This also allows you to more easily apply granular policies over time, if needed. For an organization that runs Windows, MacOS, Android and iOS you´ll probably see around 20-25 policies in total, instead of 4.

This will give you a much easier overview of which devices that aren’t compliant for a specific setting. It will also allow you to make notifications and compliance timings much more granular, relevant and user friendly.

A list of Compliance policies

A list of Compliance policies

Notify, notify, notify and take action

The main benefit of having multiple policies is that its much easier to inform the user of a non-compliant device about the reason for non-compliance. This allows the user to either seek help or remediate the non-compliance state on their own. If you are using a single policy, we can’t target a specific notification to a specific reason for non-compliance, making it harder to self-remediate.

In general, I see a much lower usage of notifications and actions for non-compliance than what would be useful and valuable both for the users but perhaps especially for administrators. The most common setting I see is just leaving the configuration at default. The default setting is to change the compliance state to non-compliant instantly when a configuration is changed to a non-compliant value.

In some cases, this is a suitable configuration, such as jailbreak detection or password configurations. These are either settings that could be potentially dangerous or which could be remediated easily and swiftly. For other settings, it could be more suitable to change the actions to more customized options.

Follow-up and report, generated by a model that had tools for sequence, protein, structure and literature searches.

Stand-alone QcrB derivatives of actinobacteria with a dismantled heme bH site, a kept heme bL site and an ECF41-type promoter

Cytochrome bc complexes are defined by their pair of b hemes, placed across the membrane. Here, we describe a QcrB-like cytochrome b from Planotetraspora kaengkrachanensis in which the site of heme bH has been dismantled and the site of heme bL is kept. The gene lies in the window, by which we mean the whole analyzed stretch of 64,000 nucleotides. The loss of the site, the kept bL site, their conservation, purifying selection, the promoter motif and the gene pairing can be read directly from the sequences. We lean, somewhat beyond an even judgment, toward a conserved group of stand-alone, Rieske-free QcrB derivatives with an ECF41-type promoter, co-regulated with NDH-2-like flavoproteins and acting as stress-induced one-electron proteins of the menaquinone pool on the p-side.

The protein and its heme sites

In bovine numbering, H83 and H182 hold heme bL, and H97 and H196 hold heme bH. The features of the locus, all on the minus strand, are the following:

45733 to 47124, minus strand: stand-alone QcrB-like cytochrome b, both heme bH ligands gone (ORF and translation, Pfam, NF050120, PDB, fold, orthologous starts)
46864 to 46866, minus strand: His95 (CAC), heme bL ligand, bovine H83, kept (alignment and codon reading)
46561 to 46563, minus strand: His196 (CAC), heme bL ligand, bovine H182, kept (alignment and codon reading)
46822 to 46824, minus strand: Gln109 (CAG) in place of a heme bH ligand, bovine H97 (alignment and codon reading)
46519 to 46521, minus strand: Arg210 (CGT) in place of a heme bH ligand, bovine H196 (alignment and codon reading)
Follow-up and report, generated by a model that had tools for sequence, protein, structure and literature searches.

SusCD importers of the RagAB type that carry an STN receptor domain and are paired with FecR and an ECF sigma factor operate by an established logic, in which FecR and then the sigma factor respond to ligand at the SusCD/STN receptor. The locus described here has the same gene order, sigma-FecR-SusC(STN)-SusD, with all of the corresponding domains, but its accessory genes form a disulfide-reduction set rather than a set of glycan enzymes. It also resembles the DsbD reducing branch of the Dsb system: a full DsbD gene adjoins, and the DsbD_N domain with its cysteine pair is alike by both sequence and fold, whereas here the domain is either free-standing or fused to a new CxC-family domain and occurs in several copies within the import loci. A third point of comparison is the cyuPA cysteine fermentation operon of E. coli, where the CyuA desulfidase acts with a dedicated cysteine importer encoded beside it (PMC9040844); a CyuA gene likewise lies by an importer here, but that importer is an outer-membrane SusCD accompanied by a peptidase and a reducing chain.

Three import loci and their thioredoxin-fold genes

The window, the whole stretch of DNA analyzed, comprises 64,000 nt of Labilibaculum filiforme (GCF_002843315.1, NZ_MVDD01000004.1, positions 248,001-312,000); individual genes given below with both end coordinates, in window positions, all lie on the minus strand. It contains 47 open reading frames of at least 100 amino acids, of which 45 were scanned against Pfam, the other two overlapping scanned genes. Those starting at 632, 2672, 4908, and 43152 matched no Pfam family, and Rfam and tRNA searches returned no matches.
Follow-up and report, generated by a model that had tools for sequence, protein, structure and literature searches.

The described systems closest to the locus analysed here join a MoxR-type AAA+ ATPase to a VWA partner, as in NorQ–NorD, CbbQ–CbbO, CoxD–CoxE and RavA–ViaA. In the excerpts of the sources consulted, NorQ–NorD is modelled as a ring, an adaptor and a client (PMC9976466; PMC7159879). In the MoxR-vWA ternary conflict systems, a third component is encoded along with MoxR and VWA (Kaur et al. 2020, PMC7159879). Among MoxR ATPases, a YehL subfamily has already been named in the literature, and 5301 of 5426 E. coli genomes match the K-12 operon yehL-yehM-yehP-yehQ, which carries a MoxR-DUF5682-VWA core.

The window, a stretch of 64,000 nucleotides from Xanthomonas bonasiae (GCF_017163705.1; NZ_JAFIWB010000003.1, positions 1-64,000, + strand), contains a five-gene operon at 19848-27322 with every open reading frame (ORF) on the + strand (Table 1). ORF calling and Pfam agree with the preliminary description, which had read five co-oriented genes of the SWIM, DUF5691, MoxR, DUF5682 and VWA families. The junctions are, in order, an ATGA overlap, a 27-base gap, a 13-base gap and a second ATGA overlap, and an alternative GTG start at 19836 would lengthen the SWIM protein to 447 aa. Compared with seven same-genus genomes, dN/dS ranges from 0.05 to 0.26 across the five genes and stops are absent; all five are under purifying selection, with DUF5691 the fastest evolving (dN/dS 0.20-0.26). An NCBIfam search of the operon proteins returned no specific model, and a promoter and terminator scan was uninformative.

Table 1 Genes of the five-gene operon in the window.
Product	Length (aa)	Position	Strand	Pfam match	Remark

Actions not action!

That brings us to another aspect of the actions. You are not limited to a certain number of actions for a policy. You could have multiple actions and notifications for each policy. Below you can find an example for a policy that evaluates the version of an iOS device.

Notification and actions for non-compliance








As you can see, I send customized notifications at a number of intervals and I also combine e-mail notifications as well as the newly released feature of push notifications. Lastly, I do take additional actions as well as change the compliance state of the device.

The available actions for iOS are the once below, but varies based on the platform:

iOS actions






This kind of process for non-compliance is what I would advise for most of your compliance policies. Also note that the e-mail notifications can send additional notifications to other addresses than the user that is targeted by the compliance policy. A very useful feature for administrators or security managers to get notified if a user tries to bypass the security configuration.

We also have actions that will retire a device (which is again very useful for BYOD scenarios especially) and lock devices (which may be mostly applicable to shared devices or kiosk). For personal devices, we in general would apply CA policies and therefore limit the usage of the device.